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South Africa may test first 'pharming' crop

(Wednesday, July 14, 2004 -- CropChoice news) -- Cape Times, 07/13/04: London - Genetically modified plants are to be used to grow vaccines against rabies and Aids, scientists have announced.

Europe's first field trial, announced on Monday, is likely to be carried out in South Africa because of fears over crop vandalism in Britain.

The GM crop could dramatically reduce the cost of producing vaccines.

Dubbed "pharming" by its opponents, the announcement is the latest step forward in the development of technology that allows medicines to be grown in plants.

Although this project is concerned with injectable vaccines, other trials under consideration could extend the research to oral vaccines, which might be grown in edible raw food such as bananas.

However, concerns about direct action by environmentalists opposed to GM crops has led to the scientists behind the project collaborating with a South African research institute that has offered to grow the first crop.

The EU has awarded €12-million to a pan-European consortium of scientists who aim to develop the technology for growing GM plants that can be turned into vaccines.

Professor Julian Ma of St George's Hospital Medical School in London, the scientific co-ordinator of the project, said it would take about two years to develop the technique.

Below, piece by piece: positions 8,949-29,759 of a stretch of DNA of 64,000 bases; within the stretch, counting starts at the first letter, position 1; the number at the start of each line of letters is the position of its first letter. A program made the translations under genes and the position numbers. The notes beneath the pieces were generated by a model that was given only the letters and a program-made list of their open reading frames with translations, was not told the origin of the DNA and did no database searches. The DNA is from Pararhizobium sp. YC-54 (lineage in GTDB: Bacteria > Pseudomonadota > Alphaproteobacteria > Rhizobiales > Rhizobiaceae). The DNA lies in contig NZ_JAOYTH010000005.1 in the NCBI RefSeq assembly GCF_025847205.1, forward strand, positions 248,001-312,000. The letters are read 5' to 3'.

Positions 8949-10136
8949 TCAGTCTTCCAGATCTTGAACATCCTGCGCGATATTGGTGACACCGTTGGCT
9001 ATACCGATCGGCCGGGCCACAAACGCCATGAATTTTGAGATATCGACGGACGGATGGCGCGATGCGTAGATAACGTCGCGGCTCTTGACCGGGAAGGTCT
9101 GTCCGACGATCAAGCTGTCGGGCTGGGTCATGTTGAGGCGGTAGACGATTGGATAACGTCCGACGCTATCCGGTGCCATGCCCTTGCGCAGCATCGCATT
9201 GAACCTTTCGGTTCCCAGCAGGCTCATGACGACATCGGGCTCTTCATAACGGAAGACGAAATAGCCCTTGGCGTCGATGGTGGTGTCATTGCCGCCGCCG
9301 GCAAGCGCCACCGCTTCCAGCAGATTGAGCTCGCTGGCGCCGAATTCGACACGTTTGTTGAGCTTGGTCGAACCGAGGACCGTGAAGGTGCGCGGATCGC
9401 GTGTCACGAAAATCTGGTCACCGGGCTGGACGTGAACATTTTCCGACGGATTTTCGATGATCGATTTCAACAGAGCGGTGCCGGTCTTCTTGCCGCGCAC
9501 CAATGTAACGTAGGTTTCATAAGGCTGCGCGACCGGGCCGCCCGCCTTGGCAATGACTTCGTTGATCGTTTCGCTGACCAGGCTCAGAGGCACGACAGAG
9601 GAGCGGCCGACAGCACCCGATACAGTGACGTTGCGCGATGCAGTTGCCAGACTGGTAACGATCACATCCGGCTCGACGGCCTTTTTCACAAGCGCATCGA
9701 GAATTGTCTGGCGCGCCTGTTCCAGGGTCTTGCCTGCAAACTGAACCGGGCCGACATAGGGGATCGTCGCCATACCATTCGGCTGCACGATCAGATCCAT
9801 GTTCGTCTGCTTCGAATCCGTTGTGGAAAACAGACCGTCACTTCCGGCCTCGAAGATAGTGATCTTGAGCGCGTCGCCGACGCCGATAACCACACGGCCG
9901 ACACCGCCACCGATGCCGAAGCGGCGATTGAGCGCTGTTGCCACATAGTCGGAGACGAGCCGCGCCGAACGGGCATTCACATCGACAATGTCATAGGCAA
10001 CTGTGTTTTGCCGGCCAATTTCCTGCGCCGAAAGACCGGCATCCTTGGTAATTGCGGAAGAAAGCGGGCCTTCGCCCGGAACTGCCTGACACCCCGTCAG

Clinical trials of the first vaccine derived from GM plants are planned to take place in 2009.

"Plants are inexpensive to grow and if we were to engineer them to contain a gene for a pharmaceutical product, they could produce large quantities of drugs or vaccine at low cost," Ma said.

"The current methods used to generate these types of treatments include genetic modification of human cells and micro-organisms.

"These techniques are labour intensive, expensive and often only produce relatively small amounts of pharmaceuticals," he said.

It is likely that the first pharmaceuticals crop will be either GM maize or GM tobacco that will be engineered with a set of genes for making prototype vaccines against either HIV or rabies.

By purifying the proteins from the harvested crop scientists hope to mass-produce vaccines.

South Africa's Council for Scientific and Industrial Research is participating in the research and is particularly interested in potential vaccines against HIV, the Aids virus.

Friends of the Earth warned the research could have "widespread negative impacts".

The organisation's GM campaigner Clare Oxborrow said: "Growing medicines in plants has serious implications for both human health and the environment."

Ma said 3,3 million people a year die from preventable diseases such as TB and diphtheria yet there is not the industrial capacity or funds to produce enough vaccines for everyone.

"The cost of doing nothing is measured in hundreds of thousands or millions of people who will die from preventable diseases," he said.

"We recognise that this is contentious technology but I think many of the fears are unfounded."

Philip Dale, a plant technologist at the John Innes Centre in Norwich and the project's biosafety co-ordinator, said the cost of 24-hour surveillance of GM fields in the UK has made it expensive to conduct similar trials in Britain.

Greenpeace activists led a campaign to target sites where GM crops were grown as part of the farm-scale trials.

"It is vitally important that this (field trial) is not destroyed at the end of it," Dale said.

Measures for containing the crop both physically with fences and by genetic barriers such as the use of sterile genes for preventing cross pollination are being studied, he added. - The Independent

This article was originally published on page 3 of Cape Times on July 13, 2004, http://www.iol.co.za/index.php?set_id=1&click_id=143&art_id=vn20040713032524739C767287